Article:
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ROME – British Archbishop Paul Gallagher, a top papal aide, traveled to South Sudan right before Christmas, meeting with top civil and ecclesial leaders in a visit that could be setting the stage for the long-awaited visit of Pope Francis.
Speaking to Vatican News, the Vatican’s official information platform, Gallagher said, “There is no perfect time for any such visit,” and the possibility of a papal visit next year is being considered.
“We believe that there is great support for a visit. Though like all these things, there is never the perfect time – so we have to move forward in the whole process of discerning,” he said.
Gallagher, who serves as the Vatican’s Secretary for Relations with States, visited South Sudan Dec. 21-23 in a visit many observers believe was to lay the groundwork for potential visit from Pope Francis himself, who has long desired to travel to the country in a bid to strengthen the peace process in place gripped by one of the largest humanitarian crises in the world.
Conflict has raged in South Sudan since shortly after its independence in 2011, with the newly formed government falling apart just two years later when South Sudanese President Salva Kiir ousted his Vice President, Riek Machar, in December 2013, accusing him of attempting to lead a coup.
The political conflict quickly turned ethnic, with South Sudan’s two largest ethnic groups, the Dinka and the Nuer – to which the leaders belong – targeting one another as violence broke out.
At least 400,000 people are estimated to have been killed in the violence thus far, and millions more displaced amid a worsening humanitarian crisis that has prompted numerous calls from international leaders and bodies for South Sudanese leaders to patch things up for the sake of their people.
Kiir and Machar agreed to a ceasefire in 2015, but it collapsed. They reached a new agreement in September 2018, but it has yet to be implemented due to what have proven to be unresolvable disputes over technicalities related to borders and security.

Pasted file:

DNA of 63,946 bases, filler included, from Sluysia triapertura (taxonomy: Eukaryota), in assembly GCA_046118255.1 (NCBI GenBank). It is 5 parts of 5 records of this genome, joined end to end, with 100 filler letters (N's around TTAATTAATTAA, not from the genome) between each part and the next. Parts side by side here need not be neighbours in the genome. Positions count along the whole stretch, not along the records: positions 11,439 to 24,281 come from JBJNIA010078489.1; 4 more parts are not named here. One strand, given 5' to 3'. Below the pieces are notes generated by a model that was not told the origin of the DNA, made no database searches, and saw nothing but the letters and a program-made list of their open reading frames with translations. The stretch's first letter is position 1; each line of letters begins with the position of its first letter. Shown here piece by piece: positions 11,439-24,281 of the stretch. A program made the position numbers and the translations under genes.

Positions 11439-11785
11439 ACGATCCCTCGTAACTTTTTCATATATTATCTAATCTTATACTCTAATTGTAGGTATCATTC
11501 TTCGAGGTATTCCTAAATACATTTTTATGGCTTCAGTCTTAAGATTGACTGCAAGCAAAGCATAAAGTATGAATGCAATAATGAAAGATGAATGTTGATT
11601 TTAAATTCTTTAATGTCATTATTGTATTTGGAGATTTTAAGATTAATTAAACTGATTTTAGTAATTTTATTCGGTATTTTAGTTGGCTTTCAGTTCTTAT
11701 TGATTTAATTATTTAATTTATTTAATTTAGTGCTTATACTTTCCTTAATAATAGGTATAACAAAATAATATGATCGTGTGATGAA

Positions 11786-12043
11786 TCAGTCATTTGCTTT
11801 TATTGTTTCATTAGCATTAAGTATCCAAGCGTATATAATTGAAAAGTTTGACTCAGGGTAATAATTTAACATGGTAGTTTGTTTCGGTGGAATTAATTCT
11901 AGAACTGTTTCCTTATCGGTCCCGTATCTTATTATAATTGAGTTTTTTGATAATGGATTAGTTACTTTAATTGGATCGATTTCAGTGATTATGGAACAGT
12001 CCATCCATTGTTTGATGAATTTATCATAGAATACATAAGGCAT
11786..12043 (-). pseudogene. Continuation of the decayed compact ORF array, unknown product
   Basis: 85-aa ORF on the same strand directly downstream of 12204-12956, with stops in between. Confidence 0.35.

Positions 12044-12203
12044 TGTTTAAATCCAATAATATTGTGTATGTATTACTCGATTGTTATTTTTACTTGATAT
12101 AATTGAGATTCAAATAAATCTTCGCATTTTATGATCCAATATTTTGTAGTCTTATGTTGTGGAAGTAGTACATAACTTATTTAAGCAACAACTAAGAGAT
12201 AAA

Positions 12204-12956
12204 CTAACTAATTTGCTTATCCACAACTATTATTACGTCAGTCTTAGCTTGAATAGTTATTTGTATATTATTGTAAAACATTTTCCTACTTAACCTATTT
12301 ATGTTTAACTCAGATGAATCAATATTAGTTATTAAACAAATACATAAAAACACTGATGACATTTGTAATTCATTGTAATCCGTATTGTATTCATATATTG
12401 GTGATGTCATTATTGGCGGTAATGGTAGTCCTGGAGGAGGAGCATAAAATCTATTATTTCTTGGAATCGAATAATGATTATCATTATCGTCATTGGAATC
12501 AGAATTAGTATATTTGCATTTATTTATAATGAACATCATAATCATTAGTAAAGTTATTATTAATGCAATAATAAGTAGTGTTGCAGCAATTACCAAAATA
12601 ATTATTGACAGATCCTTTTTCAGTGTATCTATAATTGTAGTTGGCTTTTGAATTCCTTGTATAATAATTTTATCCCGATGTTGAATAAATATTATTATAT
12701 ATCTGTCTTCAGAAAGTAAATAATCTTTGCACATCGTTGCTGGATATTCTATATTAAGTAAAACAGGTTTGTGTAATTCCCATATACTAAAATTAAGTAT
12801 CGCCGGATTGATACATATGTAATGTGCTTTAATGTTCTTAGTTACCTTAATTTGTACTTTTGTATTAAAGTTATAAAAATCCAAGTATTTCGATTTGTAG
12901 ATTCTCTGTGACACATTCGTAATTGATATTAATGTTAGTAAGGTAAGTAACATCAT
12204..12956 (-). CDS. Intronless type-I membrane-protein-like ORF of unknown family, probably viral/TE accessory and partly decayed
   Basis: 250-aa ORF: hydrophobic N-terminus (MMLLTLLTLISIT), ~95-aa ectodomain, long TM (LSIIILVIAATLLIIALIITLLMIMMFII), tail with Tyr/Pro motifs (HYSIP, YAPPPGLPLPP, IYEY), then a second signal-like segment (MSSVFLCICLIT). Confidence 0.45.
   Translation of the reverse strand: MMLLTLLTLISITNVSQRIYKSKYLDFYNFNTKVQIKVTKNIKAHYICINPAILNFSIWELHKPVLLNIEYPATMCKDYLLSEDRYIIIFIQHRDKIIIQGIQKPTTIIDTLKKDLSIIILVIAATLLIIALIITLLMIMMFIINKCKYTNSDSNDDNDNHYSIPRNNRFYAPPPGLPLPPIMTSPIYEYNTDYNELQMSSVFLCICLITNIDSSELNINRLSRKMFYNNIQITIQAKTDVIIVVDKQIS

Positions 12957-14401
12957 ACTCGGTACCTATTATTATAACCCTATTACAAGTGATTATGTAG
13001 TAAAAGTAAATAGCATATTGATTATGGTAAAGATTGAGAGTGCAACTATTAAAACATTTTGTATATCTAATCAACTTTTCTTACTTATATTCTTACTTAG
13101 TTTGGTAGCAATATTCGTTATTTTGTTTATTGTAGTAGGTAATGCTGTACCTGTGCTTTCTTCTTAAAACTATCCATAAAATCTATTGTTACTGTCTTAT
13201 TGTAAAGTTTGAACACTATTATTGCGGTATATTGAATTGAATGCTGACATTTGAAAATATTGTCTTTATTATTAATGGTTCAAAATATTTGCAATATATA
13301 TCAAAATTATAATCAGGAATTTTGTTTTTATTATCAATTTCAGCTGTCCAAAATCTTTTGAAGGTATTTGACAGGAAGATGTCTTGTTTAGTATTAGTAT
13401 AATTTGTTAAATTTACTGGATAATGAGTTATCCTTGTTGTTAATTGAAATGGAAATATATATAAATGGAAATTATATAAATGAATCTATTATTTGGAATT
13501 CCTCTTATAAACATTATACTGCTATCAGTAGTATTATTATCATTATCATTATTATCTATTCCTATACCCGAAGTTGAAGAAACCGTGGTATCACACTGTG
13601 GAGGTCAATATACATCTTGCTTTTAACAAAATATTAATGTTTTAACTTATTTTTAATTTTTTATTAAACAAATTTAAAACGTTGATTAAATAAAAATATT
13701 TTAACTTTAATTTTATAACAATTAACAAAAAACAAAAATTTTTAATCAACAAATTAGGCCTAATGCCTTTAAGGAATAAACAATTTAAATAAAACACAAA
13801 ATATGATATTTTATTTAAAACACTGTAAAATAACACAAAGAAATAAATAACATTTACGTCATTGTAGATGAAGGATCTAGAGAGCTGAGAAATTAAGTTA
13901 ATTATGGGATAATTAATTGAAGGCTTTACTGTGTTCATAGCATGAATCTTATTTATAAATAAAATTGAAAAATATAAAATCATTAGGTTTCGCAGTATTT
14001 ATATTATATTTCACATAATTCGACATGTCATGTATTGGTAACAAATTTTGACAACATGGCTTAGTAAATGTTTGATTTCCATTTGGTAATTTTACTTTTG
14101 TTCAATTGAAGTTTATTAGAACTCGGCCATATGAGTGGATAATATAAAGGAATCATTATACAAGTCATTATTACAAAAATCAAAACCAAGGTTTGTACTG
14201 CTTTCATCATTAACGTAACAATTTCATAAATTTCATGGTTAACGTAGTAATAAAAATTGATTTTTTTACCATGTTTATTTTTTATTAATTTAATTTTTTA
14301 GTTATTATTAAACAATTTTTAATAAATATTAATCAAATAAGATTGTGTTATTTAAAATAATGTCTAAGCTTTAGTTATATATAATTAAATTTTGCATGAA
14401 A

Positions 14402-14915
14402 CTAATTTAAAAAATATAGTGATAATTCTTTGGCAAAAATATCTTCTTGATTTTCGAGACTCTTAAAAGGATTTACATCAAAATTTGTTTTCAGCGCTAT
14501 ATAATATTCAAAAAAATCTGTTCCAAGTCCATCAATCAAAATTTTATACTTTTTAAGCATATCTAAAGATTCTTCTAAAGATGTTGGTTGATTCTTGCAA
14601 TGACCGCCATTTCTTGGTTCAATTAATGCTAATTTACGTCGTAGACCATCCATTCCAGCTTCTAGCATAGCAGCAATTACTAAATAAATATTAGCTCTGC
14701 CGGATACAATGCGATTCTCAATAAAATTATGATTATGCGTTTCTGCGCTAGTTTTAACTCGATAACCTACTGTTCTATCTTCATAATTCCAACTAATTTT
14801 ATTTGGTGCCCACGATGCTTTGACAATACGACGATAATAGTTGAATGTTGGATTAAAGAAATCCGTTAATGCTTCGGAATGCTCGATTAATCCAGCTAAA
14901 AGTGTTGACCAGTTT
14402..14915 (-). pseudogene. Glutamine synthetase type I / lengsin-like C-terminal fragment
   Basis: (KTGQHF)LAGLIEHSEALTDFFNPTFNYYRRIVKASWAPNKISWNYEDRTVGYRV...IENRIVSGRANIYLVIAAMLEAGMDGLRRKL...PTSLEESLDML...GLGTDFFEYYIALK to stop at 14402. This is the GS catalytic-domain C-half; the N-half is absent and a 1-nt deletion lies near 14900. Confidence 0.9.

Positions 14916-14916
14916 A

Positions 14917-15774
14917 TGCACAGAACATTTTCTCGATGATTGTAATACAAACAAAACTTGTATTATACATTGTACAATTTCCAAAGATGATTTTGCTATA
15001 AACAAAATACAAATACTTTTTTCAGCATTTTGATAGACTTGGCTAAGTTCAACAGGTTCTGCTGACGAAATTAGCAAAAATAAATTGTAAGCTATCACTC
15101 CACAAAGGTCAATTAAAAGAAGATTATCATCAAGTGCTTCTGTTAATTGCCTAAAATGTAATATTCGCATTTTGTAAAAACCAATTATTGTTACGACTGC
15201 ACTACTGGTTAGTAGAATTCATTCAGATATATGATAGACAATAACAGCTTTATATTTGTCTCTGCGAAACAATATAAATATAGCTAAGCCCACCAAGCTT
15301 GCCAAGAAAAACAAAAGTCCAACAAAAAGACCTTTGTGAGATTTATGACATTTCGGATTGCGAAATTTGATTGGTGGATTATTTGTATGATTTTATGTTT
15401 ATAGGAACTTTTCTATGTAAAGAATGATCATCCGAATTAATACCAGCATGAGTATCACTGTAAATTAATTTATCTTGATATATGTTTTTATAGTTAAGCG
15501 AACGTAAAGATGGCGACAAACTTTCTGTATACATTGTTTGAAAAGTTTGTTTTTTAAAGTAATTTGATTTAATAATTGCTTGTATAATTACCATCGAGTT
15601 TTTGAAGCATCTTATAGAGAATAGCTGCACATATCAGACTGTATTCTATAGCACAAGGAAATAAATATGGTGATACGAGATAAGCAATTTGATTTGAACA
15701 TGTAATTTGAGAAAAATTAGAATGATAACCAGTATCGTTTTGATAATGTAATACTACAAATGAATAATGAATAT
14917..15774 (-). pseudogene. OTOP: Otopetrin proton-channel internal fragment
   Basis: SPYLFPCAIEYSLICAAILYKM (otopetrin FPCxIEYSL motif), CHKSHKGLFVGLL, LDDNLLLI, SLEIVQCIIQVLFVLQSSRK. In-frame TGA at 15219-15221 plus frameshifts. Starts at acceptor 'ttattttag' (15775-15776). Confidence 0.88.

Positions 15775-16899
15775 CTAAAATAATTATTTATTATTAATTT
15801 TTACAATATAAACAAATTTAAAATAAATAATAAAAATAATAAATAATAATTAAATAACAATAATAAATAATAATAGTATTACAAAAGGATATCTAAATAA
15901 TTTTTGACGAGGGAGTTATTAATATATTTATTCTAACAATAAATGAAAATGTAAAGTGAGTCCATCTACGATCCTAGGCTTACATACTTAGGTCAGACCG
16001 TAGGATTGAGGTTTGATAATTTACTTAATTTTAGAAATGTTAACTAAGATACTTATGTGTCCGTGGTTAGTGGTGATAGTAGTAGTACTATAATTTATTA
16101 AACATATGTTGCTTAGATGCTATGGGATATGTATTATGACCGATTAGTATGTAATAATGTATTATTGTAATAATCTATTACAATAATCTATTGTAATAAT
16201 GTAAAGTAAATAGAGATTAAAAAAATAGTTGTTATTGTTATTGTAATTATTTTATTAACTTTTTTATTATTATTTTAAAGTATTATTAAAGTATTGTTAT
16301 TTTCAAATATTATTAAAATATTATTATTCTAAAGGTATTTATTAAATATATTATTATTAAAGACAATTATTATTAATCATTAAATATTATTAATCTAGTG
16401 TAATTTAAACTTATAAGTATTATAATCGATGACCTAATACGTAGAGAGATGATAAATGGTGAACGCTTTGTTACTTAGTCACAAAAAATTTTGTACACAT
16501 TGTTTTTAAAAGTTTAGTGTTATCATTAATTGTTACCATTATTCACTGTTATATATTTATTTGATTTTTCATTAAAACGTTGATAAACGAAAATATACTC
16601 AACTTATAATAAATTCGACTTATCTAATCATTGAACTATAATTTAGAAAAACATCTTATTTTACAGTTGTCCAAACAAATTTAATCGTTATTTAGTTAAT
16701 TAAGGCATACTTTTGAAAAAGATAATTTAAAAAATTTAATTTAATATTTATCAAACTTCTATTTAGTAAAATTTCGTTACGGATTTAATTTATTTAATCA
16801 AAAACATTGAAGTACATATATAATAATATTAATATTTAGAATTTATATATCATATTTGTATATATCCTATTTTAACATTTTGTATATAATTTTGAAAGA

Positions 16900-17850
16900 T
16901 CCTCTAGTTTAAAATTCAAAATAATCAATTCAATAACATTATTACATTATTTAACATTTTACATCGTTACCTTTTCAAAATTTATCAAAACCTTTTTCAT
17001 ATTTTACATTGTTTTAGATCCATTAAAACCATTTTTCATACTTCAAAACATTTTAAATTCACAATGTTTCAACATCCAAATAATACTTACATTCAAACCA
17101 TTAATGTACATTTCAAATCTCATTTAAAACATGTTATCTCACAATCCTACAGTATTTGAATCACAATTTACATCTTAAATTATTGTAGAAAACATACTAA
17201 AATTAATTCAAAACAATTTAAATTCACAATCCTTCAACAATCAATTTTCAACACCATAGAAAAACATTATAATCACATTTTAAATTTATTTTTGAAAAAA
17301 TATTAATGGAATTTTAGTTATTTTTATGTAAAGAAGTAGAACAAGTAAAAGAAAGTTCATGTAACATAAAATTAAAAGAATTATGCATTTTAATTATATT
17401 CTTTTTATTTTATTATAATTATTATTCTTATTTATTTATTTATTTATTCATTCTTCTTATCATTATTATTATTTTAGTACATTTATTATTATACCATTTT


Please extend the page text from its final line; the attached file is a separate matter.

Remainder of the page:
Pope Francis, who has closely followed South Sudan’s peace process, pledged in 2019 to visit the troubled nation alongside the Archbishop of Canterbury, Justin Welby, and the Moderator of the General Assembly of the Church of Scotland, Martin Fair, if the country’s leaders were able to bring the bloody conflict to an end.
In April 2019, the pope invited both Kiir and Machar to a retreat at the Vatican, where he made headlines by kissing their feet while pleading for peace. Welby and representatives from the Church of Scotland, which has a partnership with the Presbyterian Church of South Sudan and has played an active role in the peace process since 2015, also participated.
In his comments to Vatican News, Gallagher said the pope’s gesture during the 2019 retreat “got a lot of attention,” so the Vatican took advantage of that and has consistently encouraged South Sudan’s leaders to continue moving in this direction.
Last year, South Sudan’s peace process took a significant step forward when the country’s main opposition group announced their adherence to the 2018 peace agreement, but over a year later, the wrinkles are still being ironed out.
A joint trip of Francis, Welby, and Fair for a time seemed likely in 2020, but the coronavirus pandemic thwarted those plans, so Pope Francis sent South Sudan’s leaders a letter last Christmas urging them to make greater efforts in the peace process, and voicing his desire to visit as soon as possible.